A “social worker has ‘a duty to inquire about and obtain, if possible, all of the information about a child's family history’ ” required under regulations promulgated to enforce ICWA. (In re S.M. (2004) 118 Cal.App.4th 1108, 1116, 13 Cal.Rptr.3d 606.)
Rule 1439(f)(6) provides: “If, after a reasonable time following the sending of notice under this rule-but in no event less than 60 days-no determinative response to the notice is received, the court may determine that [ICWA] does not apply to the case unless further evidence of the applicability of [ICWA] is later received.”
The notice requirements of ICWA are mandatory and cannot be waived by the parties. (In re Jennifer A. (2002) 103 Cal.App.4th 692, 707, 127 Cal.Rptr.2d 54.)
At the beginning of the case, Tabitha denied having Indian heritage. However, when queried by the adoption assessment social worker on October 27, 2005, Tabitha responded that she had Indian heritage through her grandfather, Robert S., a Sioux Indian. The Agency asked the court to continue the section 366.26 hearing to enable the social worker to notice Sioux tribes under ICWA. The court granted the continuance request.
On November 16, 2005, the social worker interviewed Tabitha and obtained information pertinent to her Indian heritage. On November 30 the Agency sent ICWA notices by certified mail to 16 Sioux tribes and the BIA.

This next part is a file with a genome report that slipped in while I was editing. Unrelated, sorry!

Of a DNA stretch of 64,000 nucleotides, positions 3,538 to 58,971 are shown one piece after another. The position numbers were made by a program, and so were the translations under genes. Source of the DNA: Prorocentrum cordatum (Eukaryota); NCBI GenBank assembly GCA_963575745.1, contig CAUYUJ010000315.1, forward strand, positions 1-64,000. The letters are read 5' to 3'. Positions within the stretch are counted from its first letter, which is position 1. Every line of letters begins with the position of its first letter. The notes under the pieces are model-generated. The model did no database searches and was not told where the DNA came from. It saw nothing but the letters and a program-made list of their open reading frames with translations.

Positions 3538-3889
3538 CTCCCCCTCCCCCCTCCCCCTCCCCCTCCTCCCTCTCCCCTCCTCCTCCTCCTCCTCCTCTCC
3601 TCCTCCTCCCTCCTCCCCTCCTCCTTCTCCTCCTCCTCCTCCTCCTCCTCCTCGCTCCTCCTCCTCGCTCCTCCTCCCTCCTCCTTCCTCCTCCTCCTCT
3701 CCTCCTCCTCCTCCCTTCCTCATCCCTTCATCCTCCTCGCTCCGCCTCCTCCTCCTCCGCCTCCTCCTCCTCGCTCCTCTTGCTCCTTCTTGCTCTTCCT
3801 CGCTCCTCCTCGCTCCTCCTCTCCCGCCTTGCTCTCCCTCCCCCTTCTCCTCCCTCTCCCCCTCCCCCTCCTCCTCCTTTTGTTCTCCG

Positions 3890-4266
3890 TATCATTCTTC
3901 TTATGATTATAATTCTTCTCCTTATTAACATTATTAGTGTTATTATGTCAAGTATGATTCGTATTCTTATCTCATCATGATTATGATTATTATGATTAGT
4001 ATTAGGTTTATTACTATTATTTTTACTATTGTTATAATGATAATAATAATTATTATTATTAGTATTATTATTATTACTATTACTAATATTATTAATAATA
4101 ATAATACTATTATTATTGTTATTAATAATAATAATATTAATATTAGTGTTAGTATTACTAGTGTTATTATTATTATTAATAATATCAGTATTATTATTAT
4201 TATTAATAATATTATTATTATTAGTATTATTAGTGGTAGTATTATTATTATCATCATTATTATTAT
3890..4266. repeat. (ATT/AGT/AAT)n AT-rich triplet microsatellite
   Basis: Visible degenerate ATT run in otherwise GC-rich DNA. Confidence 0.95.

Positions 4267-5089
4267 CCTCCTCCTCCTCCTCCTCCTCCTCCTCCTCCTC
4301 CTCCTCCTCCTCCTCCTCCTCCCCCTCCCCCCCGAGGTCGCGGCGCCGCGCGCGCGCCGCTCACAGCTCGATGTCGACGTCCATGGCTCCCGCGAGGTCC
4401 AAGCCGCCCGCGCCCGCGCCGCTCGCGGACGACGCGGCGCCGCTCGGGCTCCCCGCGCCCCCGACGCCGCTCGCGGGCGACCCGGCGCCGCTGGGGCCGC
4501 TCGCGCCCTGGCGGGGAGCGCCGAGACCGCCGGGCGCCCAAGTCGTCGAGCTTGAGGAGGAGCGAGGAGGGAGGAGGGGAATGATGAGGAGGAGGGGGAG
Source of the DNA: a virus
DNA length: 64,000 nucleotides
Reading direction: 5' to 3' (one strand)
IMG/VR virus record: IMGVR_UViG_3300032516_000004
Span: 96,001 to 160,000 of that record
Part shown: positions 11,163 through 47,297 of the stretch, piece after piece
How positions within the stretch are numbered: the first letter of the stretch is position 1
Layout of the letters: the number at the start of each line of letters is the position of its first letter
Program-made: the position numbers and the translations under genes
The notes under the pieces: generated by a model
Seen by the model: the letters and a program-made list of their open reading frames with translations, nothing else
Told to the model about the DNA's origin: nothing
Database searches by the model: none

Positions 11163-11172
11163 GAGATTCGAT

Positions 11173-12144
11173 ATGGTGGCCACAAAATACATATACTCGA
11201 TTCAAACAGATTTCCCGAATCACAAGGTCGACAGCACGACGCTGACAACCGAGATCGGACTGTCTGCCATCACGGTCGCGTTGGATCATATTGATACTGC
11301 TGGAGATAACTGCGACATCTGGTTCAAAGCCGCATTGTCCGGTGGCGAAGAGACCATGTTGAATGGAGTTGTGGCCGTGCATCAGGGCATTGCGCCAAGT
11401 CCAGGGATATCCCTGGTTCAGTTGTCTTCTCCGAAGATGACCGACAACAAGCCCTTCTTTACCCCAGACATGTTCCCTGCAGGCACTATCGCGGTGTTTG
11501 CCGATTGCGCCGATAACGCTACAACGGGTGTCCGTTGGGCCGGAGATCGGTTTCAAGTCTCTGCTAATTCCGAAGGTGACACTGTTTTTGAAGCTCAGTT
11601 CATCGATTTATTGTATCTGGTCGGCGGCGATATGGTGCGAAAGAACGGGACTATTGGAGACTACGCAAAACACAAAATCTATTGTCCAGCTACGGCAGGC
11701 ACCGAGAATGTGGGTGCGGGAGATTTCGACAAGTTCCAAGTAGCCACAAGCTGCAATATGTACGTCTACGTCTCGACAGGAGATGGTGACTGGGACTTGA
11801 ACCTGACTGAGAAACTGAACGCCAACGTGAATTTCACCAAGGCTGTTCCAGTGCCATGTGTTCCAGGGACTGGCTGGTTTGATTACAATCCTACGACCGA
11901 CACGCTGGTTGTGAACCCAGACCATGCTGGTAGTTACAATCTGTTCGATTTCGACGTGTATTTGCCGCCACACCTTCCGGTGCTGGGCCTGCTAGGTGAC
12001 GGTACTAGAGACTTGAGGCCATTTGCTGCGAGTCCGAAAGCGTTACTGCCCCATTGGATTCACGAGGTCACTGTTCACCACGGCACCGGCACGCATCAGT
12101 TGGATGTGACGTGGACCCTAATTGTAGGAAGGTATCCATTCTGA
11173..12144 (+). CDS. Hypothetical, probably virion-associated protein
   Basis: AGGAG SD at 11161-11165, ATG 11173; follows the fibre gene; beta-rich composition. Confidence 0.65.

For the maternal great-grandfather (Tabitha's grandfather), the notices did not list any information other than his name and that he was a member of a Sioux tribe in South Dakota. The notices listed as “unknown” the great-grandfather's current and former addresses, his birth date and birthplace, his tribal enrollment number, and whether he was deceased and if so his place of death.
On January 18, 2006, the Agency asked for another continuance after discovering the ICWA notices mailed in November contained the wrong date. The court granted another 75-day continuance to allow the Agency to re-notice the Sioux tribes.
On January 20 the Agency re-noticed the Sioux tribes and the BIA.5 As a result of the two sets of notices, the Agency received responses from 10 of the 16 tribes stating that K.W. was not a member of the respective tribe or eligible for tribal membership.
On April 4, 2006, the court found ICWA did not apply.
First, Tabitha argues unpersuasively that the Agency did not fulfill its continuing duty to inquire and obtain additional family history for the ICWA notice. In essence, Tabitha is complaining that the Agency did not give more informative notice to the identified tribes, and the Agency should have done more to obtain additional information about the maternal great-grandfather (Tabitha's grandfather).
We acknowledge that to enable a tribe to determine whether a dependent child is an Indian child, the notice sent to the tribe must contain enough information to be meaningful. (See In re Karla C., supra, 113 Cal.App.4th at p. 175, 6 Cal.Rptr.3d 205.) “ ‘[T]o establish tribal identity, it is necessary to provide as much information as is known on the Indian child's direct lineal ancestors.’ [Citation.]” (Ibid.) The Agency's affirmative duty to inquire whether a child may be an Indian child mandates, at a minimum, that it make some inquiry regarding the information required in the ICWA notice besides name, birth date and birthplace of the child's parents. (In re D.T. (2003) 113 Cal.App.4th 1449, 1455, 5 Cal.Rptr.3d 893.)